As for me, I test-fired the gasser!

19DDD54B-0ADC-439C-ADF4-15E15E4AE37A.jpeg

I only ran it for about half an hour, because I don’t want to rush it before the Kastolite is completely cured. Very happy so far, though. 

539ACB53-FC5D-4876-A08F-45B1F6FD30ED.jpeg

(A bit surprised that there’s more flame coming out the back than from the front.)

I don’t know how well you can see it in this photo, but there were wisps of white vapor coming from around the ribbon burner block.

E61173FE-7A70-48A8-BD25-3CC23BE68A36.jpeg

 And when I shut off the forge, a lot of white smoke came out of the T. 

C24D4476-1DEC-47F6-A43E-4BA8929AB68F.jpeg

 I suspect that there may have been a little moisture cooking out of the refractory, but that most of this is from wax residue inside the plenum and Crisco on the outside of the block. 

Afterglow:

377BC6D9-A3DC-4681-A1A8-97DD5CEC5501.jpeg

Had a nice swirl in the flame:

4C505F05-4F56-4BBA-B55F-7E42DE0F7A35.jpeg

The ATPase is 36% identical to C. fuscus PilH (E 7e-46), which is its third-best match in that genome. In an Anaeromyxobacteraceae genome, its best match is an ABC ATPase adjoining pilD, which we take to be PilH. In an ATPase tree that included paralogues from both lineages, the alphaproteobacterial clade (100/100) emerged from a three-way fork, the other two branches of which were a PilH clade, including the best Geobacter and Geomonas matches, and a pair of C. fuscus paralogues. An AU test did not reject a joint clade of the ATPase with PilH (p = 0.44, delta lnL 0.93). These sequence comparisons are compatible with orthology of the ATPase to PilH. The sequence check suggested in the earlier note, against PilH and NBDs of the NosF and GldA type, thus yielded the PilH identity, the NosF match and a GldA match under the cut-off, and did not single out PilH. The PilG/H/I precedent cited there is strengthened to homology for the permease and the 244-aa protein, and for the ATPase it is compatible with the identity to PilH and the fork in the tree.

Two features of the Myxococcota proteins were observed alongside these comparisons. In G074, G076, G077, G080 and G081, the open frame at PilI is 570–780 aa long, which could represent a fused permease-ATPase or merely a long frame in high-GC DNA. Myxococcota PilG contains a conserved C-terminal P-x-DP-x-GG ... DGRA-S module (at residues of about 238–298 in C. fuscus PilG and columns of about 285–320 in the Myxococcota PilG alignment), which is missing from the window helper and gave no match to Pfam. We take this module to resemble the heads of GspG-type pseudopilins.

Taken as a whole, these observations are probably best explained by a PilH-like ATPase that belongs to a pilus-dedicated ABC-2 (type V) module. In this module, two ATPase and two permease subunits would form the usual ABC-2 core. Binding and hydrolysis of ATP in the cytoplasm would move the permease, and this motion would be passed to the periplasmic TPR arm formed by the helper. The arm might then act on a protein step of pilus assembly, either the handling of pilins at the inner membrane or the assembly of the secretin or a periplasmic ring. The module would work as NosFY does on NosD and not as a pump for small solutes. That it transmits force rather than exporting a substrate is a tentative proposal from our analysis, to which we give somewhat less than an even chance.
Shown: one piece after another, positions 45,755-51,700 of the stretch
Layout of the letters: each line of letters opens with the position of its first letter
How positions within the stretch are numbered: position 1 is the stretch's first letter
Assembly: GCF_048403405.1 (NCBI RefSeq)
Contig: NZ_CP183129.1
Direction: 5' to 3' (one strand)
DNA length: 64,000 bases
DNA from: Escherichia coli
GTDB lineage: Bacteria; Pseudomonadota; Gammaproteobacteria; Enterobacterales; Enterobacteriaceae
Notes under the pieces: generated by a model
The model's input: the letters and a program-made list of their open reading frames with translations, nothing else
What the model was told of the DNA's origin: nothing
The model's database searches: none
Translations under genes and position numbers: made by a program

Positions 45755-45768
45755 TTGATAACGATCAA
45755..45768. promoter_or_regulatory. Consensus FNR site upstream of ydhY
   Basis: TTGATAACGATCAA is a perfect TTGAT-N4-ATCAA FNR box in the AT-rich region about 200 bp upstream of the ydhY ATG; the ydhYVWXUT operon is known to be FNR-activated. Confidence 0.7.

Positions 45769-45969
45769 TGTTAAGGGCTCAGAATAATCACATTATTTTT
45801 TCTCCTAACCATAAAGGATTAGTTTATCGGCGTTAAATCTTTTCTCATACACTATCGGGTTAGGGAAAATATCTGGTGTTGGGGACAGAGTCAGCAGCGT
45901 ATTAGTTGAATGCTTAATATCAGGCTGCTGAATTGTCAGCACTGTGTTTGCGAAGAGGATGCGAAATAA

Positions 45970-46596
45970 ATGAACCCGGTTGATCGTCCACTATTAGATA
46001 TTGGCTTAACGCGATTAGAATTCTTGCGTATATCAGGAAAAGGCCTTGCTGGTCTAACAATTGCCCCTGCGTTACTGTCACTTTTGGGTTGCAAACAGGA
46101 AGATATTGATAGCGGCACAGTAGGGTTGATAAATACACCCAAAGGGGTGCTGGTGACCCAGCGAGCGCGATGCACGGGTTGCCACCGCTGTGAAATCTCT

I will probably need to tune the burner a bit more, but for now, things look good. 

Addendum:  for this first curing fire, I tried to keep the flame as low as possible. Started out at about 2 psi and went up to about 4 when it warmed up enough to backfire. No problems after that.

Share this post


Link to post
Share on other sites

Finally got my post vise onto the Mk I mount.  I know it will need some additional bracing, but it's a reasonable start for what I do.  Unfortunately I dont have anything/place permanent for it to go, so its stand has to be moveable (to head off the arguments about fixing to a post in the ground or bolted into the concrete, etc.).

20190216_194218.jpg

Share this post


Link to post
Share on other sites

Mr. Eventless box,

Welcome to I forge iron.

A solution of clorox bleach in water, will do a much better job for killing the fungus. Exceedingly few micro-organisms can survive contact with concentrated chlorine in water.

(come to think of it I do not remember any).

The solution can be applied to the fungus and let stand for a bit. Then the solution should be washed off with water.